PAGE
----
The trouble with road passenger coach operations trying to compete with the railways is that they have great difficulty fighting their way through the traffic of London. That problem would be eased considerably if my right hon. Friend the Secretary of State would take the concept of bus lanes a stage further and ensure that, instead of operating in rush hours, they were freely available for use by buses and coaches throughout the day. Both those modes of travel are extremely energy-efficient. It is a great shame that we expect them to bash their way through heavy traffic, mixing their paths with those of cars, lorries and so on on the roads.
There are opportunities for route swapping with the railways. Not long ago, British Airways was obliged to give some of its routes to British Midland to provide the internal competition that we desperately wanted. Hon. Members have seen the high quality of service that both airlines provide and, of course, the generation of traffic that greater competition and efficiency have provided for both operators. British Midland and British Airways have done and are doing exceedingly well. If we could dedicate a route for coaches to get into the centre of London with the minimum of disruption, we could provide the sort of competition with which the railways can compete. At the moment there is a complacent take-it-or-leave-it attitude, and we must fight it.
Not so long ago, there was much talk about Marylebone station being converted into a coach station, with access to the city centre via the old central rail system from near High Wycombe. The opportunity now presents itself for that proposal to be re-examined so that we can provide an alternative for the customer—the person who wants to travel from A to B—who, so far, is largely condemned to travel by British Rail. Time and again we have found that privatisation with employee participation spells a better deal for the consumer, but the opportunity to create competition for the railways, in whatever guise they adopt, should not be lost.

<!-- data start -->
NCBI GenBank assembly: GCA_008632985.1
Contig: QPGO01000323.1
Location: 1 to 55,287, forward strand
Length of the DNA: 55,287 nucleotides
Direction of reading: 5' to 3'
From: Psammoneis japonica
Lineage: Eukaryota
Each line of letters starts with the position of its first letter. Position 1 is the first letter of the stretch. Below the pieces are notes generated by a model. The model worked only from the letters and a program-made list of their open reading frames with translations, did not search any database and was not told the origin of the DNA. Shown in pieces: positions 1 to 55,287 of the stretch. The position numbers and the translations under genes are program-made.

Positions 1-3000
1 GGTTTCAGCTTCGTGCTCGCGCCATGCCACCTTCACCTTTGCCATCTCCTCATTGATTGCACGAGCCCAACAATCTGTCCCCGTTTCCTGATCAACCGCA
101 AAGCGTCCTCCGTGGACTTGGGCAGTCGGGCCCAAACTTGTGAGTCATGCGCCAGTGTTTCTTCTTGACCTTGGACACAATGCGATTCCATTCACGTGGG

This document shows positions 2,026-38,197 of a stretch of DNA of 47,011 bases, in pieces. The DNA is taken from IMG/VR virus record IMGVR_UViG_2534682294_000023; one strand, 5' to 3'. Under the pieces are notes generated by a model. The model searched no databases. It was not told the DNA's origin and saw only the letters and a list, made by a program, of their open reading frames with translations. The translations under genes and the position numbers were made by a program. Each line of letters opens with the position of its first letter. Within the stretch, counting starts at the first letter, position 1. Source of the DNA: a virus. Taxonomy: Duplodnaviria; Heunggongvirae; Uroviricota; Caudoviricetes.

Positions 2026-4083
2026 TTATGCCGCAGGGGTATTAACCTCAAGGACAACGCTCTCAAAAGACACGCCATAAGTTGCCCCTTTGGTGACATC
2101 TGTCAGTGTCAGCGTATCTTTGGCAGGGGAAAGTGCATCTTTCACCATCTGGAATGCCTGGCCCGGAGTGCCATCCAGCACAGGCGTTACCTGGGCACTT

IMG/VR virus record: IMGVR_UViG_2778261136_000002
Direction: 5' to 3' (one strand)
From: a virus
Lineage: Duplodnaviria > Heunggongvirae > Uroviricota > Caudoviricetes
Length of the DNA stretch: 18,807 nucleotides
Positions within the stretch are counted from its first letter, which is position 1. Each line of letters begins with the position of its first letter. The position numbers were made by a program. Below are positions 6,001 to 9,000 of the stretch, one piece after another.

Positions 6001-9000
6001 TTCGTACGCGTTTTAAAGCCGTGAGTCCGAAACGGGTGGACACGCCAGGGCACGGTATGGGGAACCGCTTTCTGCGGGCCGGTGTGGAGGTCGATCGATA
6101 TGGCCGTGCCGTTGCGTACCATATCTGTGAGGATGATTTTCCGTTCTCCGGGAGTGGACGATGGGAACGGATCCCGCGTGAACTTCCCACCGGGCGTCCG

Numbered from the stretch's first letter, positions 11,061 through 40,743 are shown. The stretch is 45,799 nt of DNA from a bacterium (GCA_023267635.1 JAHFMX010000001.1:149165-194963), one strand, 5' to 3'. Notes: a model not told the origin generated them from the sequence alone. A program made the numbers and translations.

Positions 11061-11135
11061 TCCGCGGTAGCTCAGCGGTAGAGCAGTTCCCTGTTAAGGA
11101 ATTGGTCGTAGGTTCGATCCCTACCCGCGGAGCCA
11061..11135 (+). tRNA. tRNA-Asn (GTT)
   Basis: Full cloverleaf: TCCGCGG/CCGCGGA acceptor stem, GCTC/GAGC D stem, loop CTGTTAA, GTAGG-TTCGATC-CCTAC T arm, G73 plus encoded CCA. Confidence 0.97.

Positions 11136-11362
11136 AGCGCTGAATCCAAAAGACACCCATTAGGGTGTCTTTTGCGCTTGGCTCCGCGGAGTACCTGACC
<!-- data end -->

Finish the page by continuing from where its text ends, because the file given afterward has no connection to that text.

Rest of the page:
I have mentioned that the rail dispute has thrown into perspective the opportunities that the railways must exploit over the next few years to provide the service that the community demands. That service cannot be provided under the present structure, with the intransigence of the trade unions and the poor quality of the management presently operating the railway system.
A privatised system along the lines that I have described would make the various railway companies compete with each other. The railway system has no substantial competition other than fairly realistic competition from coaches. It will not have a real substantial alternative until we can resolve some of the problems that other modes of travel experience in gaining access to our major cities. If the Minister for Public Transport can offer some hope that he will take on board the initiative of allowing the coach industry a greater opportunity to compete with railways through the maintenance of busways and through the provision of new routes into our city centres, which may utilise existing redundant railway routes, he will be well on the way to providing us with an efficient and highly effective form of public transport.
I am pleased to follow the hon. Member for Birmingham, Northfield (Mr. King). I thought that he would talk about railway policy, but I suppose that coming from Northfield and a motor manufacturing area, it was appropriate for him to comment on coaches and roads. I am afraid that the hon. Gentleman is typical of the new theology, which is so common on the Conservative Benches, especially among newer hon. Members.
It may be an old theology, but it is spatchcocked into conditions that do not pertain, as they might have done—I am not sure that they ever did—in the 19th century. It is competition by compulsion, privatisation of public assets and conning the public by asking them to buy what they already own. There is a concern—it may be a proper one—for competition for the railways, but over the past 10 years we all know that long-distance coach travel, with usherettes, television, coffee, deep seats and, above all, the use of the motorways has provided that competition in a way which would hardly have seemed credible a few years ago, even with respect to speed, which is, of course, sometimes above the legal limits.
There is also the denial of the proper role of unions. A Birmingham Member speaking about London problems, I suppose, is just about legitimate, but I remind the hon. Member for Northfield that privatisation of some of the major roads of Birmingham for a few days in a year, which he may have supported, denies those roads to the public of Birmingham—even the motor coaches on which he is so keen.